Frustrated, Indonesians Demand Changes in Juvenile Justice System
February 1, 2012
After a series of reports emerged across the archipelago in recent weeks of children being arrested and prosecuted for petty crimes, Indonesians are raising questions about the state of juvenile justice in the country. The first was a confounding case that resonated around the globe: a 15-year-old boy from Central Sulawesi was incarcerated and tried last month after a police officer accused him of stealing a pair of used flip-flops worth about $3. Claims emerged that the boy was badly beaten by police during interrogation, and the officer who reported the minor was formally punished. The case galvanized the Indonesian public, and infuriated citizens collected over a thousand of pairs of sandals and dumped them on the steps of police stations across the country.
Days later, news surfaced of a teenager from West Timor who was put on trial for stealing bouquets of flowers from his aunt, and a Balinese teenager who was tried for stealing a wallet containing Rp. 1,000 (around 10 cents). The cases prompted similar outrage and hatched wry campaigns from a frustrated public, with citizens gathering flowers and coins to mock law enforcers for their heavy-handedness.
Sadly, such cases are not uncommon here. If you are a child over the age of eight, are Indonesian or just happen to be in Indonesia, and take someone’s property – intentionally or not – and are then reported to the police, there is a high chance you will be prosecuted. According to UNICEF, around 80 percent of children over age eight who were reported to police ended up being tried, with 91 percent of them spending between three months to three years behind bars. Today, there are 5,515 child inmates in Indonesia, 85 percent of whom are in adult detention facilities.
Despite these figures, Indonesian law does offer some protection for children. After ratifying the UN Convention on the Rights of the Child in 1990, Indonesia adopted a special law on juvenile justice in 1997. The law provides for separate court proceedings and some additional post-adjudication stages for children in conflict with the law. But the law contains two major defects, as practitioners and scholars have pointed out.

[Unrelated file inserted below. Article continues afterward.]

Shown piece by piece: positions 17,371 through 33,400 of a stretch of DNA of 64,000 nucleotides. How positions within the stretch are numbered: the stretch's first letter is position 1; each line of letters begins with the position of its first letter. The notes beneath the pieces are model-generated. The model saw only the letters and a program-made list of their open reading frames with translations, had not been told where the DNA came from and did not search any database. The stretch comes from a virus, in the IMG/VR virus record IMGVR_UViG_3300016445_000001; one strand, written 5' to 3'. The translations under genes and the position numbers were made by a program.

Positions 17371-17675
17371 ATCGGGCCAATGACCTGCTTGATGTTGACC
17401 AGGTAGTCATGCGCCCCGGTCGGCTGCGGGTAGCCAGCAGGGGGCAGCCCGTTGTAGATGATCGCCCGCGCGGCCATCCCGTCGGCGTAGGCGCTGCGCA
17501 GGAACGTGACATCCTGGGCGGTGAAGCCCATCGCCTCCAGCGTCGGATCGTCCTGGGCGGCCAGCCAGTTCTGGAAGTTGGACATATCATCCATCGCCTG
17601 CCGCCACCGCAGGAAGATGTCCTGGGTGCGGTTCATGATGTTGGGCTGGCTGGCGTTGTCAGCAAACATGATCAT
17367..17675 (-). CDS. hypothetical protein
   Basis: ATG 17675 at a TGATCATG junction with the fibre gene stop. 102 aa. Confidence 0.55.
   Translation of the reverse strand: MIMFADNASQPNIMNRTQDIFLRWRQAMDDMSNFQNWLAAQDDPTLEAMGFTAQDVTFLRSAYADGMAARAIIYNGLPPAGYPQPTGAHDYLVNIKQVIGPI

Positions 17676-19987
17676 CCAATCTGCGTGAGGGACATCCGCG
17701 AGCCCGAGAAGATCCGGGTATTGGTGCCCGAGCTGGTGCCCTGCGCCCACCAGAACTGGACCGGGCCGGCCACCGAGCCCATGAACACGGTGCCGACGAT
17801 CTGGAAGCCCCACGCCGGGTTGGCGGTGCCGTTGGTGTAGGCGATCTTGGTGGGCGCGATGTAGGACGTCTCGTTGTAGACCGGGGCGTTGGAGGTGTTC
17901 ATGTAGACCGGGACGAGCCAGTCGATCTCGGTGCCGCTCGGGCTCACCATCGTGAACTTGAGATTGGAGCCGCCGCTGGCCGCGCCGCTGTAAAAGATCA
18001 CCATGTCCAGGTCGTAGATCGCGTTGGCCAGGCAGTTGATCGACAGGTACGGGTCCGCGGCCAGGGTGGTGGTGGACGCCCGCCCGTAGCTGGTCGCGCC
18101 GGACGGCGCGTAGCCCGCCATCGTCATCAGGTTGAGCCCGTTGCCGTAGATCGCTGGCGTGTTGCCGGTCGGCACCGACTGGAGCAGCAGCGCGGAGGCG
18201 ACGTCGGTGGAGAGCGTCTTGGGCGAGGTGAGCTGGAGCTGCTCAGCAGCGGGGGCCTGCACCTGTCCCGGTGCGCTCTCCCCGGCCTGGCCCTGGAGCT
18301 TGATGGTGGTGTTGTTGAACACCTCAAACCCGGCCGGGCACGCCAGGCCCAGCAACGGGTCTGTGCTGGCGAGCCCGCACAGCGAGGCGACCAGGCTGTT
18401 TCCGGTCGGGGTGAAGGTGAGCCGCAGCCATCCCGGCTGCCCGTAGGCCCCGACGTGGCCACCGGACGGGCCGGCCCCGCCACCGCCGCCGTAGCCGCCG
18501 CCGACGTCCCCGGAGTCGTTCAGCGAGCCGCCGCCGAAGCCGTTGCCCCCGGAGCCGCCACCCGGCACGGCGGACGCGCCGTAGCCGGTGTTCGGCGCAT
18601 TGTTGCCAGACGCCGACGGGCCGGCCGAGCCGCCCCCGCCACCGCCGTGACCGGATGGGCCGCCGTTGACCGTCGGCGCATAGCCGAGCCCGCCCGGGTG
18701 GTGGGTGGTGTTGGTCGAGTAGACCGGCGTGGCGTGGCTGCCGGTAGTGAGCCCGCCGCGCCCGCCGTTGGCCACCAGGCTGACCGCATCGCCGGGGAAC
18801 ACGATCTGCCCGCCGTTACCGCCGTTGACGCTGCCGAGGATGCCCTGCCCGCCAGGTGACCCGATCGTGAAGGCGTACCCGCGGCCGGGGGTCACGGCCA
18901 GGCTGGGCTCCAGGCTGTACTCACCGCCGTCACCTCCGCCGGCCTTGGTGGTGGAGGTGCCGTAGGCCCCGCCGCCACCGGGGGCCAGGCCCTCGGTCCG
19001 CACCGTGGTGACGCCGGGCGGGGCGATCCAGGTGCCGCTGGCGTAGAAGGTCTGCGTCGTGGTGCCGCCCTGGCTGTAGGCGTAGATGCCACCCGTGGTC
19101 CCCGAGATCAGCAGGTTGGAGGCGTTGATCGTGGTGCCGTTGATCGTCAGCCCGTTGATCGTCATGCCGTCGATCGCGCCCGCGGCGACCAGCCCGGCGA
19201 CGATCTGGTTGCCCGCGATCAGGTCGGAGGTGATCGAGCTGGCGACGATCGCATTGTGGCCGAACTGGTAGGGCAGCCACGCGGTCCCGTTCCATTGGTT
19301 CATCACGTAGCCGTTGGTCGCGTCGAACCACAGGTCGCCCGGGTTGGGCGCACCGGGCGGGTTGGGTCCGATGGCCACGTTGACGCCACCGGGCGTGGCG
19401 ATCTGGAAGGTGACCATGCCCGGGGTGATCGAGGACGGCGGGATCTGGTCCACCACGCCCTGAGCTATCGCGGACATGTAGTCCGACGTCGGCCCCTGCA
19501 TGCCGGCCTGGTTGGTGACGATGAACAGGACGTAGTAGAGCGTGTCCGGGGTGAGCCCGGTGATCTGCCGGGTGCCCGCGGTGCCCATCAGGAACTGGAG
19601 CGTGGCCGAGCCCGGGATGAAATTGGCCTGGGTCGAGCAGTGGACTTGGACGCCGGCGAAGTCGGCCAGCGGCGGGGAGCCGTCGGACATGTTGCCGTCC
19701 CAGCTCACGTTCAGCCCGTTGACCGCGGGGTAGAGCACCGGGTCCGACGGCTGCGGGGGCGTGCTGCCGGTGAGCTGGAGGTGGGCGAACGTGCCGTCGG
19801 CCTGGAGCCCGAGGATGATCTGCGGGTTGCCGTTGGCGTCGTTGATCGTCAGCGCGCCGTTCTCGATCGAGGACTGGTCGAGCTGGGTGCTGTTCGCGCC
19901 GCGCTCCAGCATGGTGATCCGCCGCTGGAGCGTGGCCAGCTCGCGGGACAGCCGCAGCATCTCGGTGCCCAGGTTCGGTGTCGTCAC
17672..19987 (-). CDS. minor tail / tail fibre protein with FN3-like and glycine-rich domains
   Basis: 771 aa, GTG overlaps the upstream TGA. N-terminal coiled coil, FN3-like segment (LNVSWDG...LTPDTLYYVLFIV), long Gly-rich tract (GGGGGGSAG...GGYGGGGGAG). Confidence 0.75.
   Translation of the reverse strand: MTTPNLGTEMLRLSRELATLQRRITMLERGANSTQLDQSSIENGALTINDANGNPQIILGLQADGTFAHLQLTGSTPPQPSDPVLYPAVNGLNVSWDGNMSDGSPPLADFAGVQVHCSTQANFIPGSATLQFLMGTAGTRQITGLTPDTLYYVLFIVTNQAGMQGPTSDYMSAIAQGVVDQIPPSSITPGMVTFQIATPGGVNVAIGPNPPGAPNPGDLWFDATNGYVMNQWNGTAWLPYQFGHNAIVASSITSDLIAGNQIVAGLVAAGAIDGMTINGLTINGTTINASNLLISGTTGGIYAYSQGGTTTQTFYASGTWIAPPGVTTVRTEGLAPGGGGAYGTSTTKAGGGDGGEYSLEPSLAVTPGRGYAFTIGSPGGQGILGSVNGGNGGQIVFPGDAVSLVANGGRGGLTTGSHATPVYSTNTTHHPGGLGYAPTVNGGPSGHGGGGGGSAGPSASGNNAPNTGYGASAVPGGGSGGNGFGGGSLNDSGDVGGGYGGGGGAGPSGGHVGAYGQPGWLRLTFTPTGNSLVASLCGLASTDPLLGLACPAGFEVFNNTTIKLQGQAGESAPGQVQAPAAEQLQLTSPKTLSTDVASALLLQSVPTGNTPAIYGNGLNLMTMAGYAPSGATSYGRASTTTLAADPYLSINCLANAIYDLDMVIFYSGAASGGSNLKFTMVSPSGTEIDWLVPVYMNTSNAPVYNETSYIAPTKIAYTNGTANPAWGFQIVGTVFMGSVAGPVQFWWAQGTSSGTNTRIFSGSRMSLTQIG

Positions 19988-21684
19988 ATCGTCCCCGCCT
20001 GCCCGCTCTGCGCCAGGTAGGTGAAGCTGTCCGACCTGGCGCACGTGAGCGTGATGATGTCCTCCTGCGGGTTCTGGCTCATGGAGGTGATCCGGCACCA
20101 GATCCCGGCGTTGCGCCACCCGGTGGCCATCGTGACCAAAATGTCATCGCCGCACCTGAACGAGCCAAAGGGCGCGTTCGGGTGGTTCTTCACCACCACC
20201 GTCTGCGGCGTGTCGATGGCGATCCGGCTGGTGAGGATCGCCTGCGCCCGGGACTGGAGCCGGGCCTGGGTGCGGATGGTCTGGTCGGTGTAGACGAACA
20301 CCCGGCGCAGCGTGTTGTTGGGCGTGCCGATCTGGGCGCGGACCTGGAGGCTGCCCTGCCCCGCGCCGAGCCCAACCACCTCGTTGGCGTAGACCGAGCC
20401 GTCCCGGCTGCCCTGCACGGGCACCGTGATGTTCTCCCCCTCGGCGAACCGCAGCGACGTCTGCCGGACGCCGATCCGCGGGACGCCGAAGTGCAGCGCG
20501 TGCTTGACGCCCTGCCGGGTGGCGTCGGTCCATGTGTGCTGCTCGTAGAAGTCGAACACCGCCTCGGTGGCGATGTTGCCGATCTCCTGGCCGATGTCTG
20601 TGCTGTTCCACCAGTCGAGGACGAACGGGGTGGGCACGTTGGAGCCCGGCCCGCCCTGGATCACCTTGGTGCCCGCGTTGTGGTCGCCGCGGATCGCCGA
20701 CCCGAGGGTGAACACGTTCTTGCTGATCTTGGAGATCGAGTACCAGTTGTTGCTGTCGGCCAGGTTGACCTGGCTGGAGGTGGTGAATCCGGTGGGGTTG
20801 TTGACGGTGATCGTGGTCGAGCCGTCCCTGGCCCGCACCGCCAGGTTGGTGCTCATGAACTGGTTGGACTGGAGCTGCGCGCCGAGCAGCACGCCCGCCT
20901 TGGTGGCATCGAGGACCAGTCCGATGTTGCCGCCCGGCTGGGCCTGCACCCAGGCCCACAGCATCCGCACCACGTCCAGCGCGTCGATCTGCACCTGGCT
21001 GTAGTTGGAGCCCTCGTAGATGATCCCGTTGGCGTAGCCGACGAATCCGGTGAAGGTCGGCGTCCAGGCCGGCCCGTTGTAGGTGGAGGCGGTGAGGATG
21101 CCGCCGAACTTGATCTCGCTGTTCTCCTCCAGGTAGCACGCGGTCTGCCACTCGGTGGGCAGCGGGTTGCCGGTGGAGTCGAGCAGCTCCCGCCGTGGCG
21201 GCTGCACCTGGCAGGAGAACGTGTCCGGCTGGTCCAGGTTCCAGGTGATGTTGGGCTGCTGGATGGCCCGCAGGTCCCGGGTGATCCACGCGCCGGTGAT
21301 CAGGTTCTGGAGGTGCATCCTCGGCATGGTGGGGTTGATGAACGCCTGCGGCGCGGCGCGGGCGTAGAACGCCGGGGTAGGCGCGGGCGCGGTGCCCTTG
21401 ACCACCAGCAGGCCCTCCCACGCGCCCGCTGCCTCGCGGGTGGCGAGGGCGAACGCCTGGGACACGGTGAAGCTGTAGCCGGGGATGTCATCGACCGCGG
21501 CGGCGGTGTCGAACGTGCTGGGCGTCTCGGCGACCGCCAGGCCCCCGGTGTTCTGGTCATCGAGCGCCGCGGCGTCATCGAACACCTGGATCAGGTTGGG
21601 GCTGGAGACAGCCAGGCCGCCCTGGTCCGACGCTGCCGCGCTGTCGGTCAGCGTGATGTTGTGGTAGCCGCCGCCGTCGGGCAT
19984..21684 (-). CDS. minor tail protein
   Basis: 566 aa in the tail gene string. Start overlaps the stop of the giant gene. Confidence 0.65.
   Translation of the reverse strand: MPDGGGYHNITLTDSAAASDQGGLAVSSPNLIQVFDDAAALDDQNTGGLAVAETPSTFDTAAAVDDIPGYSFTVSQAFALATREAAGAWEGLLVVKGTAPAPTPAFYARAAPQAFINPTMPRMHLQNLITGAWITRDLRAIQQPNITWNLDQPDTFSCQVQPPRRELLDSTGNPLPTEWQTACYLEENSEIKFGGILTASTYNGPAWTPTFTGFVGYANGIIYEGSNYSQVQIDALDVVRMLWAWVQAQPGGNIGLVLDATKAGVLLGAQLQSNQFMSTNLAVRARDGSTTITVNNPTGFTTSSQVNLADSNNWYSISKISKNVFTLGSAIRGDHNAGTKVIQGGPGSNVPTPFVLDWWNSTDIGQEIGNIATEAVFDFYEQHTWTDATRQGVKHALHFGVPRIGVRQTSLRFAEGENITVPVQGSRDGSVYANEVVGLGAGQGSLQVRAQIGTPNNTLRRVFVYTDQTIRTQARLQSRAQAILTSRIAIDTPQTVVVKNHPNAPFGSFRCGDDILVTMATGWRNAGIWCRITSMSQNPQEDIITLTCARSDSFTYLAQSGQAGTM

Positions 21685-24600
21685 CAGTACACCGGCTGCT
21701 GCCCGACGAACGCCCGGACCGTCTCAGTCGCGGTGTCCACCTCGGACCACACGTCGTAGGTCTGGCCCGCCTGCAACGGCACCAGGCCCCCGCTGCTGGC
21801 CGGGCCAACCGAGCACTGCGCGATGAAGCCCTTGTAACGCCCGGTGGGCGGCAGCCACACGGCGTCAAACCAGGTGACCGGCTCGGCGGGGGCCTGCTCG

First, it fails to regulate the pre-adjudication process, when children may be arrested, detained, or have charges pressed against them by the police. In most cases, children – whether guilty or not – are detained in cells alongside adults, and interrogated by police who are not properly trained to deal with minors.
Torture or ill-treatment to extract information is “routine practice,” said UN Special Rapporteur on Torture Manfred Nowak in his 2008 report on Indonesia, and it is thought to be commonly used by detectives when interrogating minors. In a particularly gruesome recent case, two boys arrested on charges of stealing a mosque collection box and a motorcycle allegedly hanged themselves while in police custody. Their parents claimed the boys’ bodies bore clear signs of torture, and the National Human Rights Commission is now reviewing autopsy results.
In most juvenile cases in Indonesia, children are not accompanied by legal counsel, let alone a trained social worker who could minimize harm during the investigation and prosecution process, as well as promote social reintegration instead of incarceration at sentencing.
The law’s second major defect is the very low minimum age – eight years – at which children can be formally prosecuted and imprisoned. At these very young ages, crimes tend to be minor – for instance, a recent study by the University of Indonesia’s Center for Research on Child Protection found that 53 percent of crimes committed by minors involved petty theft, defined as goods worth less than $12. Children who are incarcerated are at a heightened risk of physical and psychosocial health concerns, in addition to risk of becoming further isolated from society. Despite this, Indonesia’s justice system continues to mandate punishment, not rehabilitation.
The problems are not simply a result of poor legislation. A 2002 Law on Child Protection obliges the government and other state institutions to provide special protection to children in conflict with the law. However, since the law does not elaborate on the term “special protection,” it has not been effective in binding law enforcement agencies to use the law to promote the best interests of children.
Recognizing the deficiencies in the 1997 law, a new bill on juvenile offenders was submitted last year to Parliament, and recent events have sparked a renewed push for its passage. The bill covers all stages of the justice process and uses principles of restorative justice to guide cases involving juveniles from start to finish, including rehabilitation. More importantly, it increases the minimum age at which children can be tried to 12 years old, and would introduce mechanisms to make diversion, or out-of-court solutions, more effective. It is not flawless, but once enacted should significantly increase legal protection for Indonesian children in conflict with the law.
One hopes that revisions to the law can effect real change, but it will likely depend on orchestrated, hard work by agencies across the justice sector that have in the past not coordinated very well. For now, however, police can be sure that the public is watching, and is increasingly intolerant of abuses of power by the boys in brown.
Leo Sudaryono is The Asia Foundation’s law programs coordinator in Indonesia and can be reached at email@example.com. The views and opinions expressed here are those of the individual author and not those of The Asia Foundation.
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